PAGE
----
Michael Porter, 24, works full time selling DirectTV, has camped at the Occupy Oakland site for the last 8 days.
The following is taken directly from the Resource Center at the Treasury Department.
Who/What is the Treasury Borrowing Advisory Committee (TBAC)?
The Treasury Borrowing Advisory Committee ("Borrowing Committee”) of The Securities Industry and Financial Markets Association (SIFMA) is an advisory committee governed by federal statute that meets quarterly with the Treasury Department. The Borrowing Committee’s membership is comprised of senior representatives from investment funds and banks. The Borrowing Committee presents their observations to the Treasury Department on the overall strength of the U.S. economy as well as providing recommendations on a variety of technical debt management issues. The Securities Industry and Financial Markets Association does not participate in the deliberations of the Borrowing Committee.
Treasury Borrowing Advisory Committee Members
Matthew E. Zames
JP Morgan Chase
383 Madison Avenue
New York, NY 10179
Goldman, Sachs & Co.
200 West Street
New York, NY 10282
Vice Chairman, CEO, Asset Mgmt.
One Wall Street
New York, NY 10286
Richard A. Axilrod
Moore Capital Management, Inc.
1251 Avenue of the Americas
New York, NY 10020
Ian G. Banwell
CEO & CIO
Round Table IMC
214 North Tryon Street
Charlotte, NC 28202
1776 I Street NW
Washington, DC 20006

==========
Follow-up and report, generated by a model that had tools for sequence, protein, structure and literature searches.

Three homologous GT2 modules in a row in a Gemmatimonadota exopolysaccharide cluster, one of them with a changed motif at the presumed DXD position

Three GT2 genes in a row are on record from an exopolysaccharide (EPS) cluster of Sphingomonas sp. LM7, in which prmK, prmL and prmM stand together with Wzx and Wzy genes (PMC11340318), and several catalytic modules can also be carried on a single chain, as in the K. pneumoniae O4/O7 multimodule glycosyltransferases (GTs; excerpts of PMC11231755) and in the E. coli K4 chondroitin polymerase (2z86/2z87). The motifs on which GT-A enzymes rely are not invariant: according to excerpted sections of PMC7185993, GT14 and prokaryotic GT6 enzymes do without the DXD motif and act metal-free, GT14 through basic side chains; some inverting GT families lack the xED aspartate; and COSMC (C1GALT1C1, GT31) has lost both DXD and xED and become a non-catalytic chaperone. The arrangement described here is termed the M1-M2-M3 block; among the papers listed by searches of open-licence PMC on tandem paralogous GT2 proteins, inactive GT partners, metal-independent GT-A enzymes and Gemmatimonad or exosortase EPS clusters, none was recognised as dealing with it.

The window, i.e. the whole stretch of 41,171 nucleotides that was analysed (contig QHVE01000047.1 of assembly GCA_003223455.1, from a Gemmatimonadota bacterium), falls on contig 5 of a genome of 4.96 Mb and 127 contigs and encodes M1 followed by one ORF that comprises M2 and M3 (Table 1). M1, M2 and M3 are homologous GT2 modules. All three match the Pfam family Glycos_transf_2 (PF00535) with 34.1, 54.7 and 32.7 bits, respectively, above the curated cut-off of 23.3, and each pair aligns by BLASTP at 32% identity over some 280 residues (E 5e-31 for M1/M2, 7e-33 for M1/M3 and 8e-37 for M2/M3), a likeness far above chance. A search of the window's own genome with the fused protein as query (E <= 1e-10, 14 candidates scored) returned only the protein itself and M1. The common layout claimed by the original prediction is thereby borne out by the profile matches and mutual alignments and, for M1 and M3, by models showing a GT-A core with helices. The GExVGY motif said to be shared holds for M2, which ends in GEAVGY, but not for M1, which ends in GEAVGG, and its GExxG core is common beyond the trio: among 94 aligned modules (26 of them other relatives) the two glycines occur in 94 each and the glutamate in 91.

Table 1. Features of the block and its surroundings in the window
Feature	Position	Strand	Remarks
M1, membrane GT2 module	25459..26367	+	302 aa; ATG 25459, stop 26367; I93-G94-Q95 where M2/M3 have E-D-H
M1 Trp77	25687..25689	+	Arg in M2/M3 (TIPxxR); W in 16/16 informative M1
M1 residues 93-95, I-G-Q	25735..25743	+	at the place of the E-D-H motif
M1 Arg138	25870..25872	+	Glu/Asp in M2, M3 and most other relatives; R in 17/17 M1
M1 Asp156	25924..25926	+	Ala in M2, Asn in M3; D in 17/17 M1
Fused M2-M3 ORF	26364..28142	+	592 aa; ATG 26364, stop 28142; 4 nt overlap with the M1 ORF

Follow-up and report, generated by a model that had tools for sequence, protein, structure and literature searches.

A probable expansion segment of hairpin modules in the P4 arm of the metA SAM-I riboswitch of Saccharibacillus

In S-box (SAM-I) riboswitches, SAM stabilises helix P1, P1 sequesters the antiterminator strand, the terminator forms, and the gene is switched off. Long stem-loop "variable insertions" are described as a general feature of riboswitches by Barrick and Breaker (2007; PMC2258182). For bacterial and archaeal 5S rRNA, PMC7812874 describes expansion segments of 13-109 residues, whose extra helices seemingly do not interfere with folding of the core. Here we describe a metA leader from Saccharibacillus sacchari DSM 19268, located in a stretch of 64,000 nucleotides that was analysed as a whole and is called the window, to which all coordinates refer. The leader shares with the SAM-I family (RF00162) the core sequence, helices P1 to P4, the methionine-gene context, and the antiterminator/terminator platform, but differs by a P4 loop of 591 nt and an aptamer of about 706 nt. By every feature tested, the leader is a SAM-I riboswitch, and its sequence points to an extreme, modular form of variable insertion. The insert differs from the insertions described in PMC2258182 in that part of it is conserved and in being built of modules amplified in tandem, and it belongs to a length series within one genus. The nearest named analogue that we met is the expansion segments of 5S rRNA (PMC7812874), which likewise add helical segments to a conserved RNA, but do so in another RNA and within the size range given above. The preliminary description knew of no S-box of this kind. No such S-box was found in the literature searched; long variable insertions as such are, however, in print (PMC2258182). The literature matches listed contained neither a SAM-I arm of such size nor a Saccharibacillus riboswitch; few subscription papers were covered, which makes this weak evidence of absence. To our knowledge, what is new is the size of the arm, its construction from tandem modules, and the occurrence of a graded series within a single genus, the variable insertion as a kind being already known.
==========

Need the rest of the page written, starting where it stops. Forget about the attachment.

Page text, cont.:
Executive Vice President
Dodge & Cox
555 California Street
San Francisco, CA 94104
Paul Tudor Jones II
Co-Chairman & CIO
1275 King Street
Greenwich, CT 06831
Walter J. Muller III
Chief Investment Officer
Bank of America
600 Peachtree Street
Atlanta, GA 30308
Jeffrey S. Phlegar
1345 Avenue of the Americas
New York, NY 10105
Executive VP, CFO
New York, NY 10036
840 Newport Center Drive
Newport Beach, CA 92660
55 East 52nd Street
New York, NY 10055
Head of Fixed Income Sales, Americas
600 Washington Boulevard
Stamford, CT 06901
Stephen A. Walsh
Chief Investment Officer
Western Asset Mgmt. Co.
385 East Colorado Blvd.
Pasadena, CA 91101
Now, here's the question you gotta ask yourself.
Who's interests are being discussed when the Treasury Borrowing Advisory Committee meets with the Borrowing Committee.
Which of course, is what I keep sayin' ..... still.
If anyone can figure out the signature on the cartoon, I'd like to link it to the source.
From both Business Insider and Zero Hedge which is fascinating in and of itself.
The following video shows Oakland police deliberately firing teargas cannisters and/or flash grenades into a crowd of people seeking to help a seriously injured protester.
The following quote comes from a timeline published by the Oakland Tribune via Mercury Press.
Finally from Colorlines.com, click on the photo for a short and well done piece from Robert Levato concerning recent issues with Oakland's police department and the resultant election of Oakland's first Asian mayor and her subsequently appointed Black police chief.
It seems post racial America has truly arrived.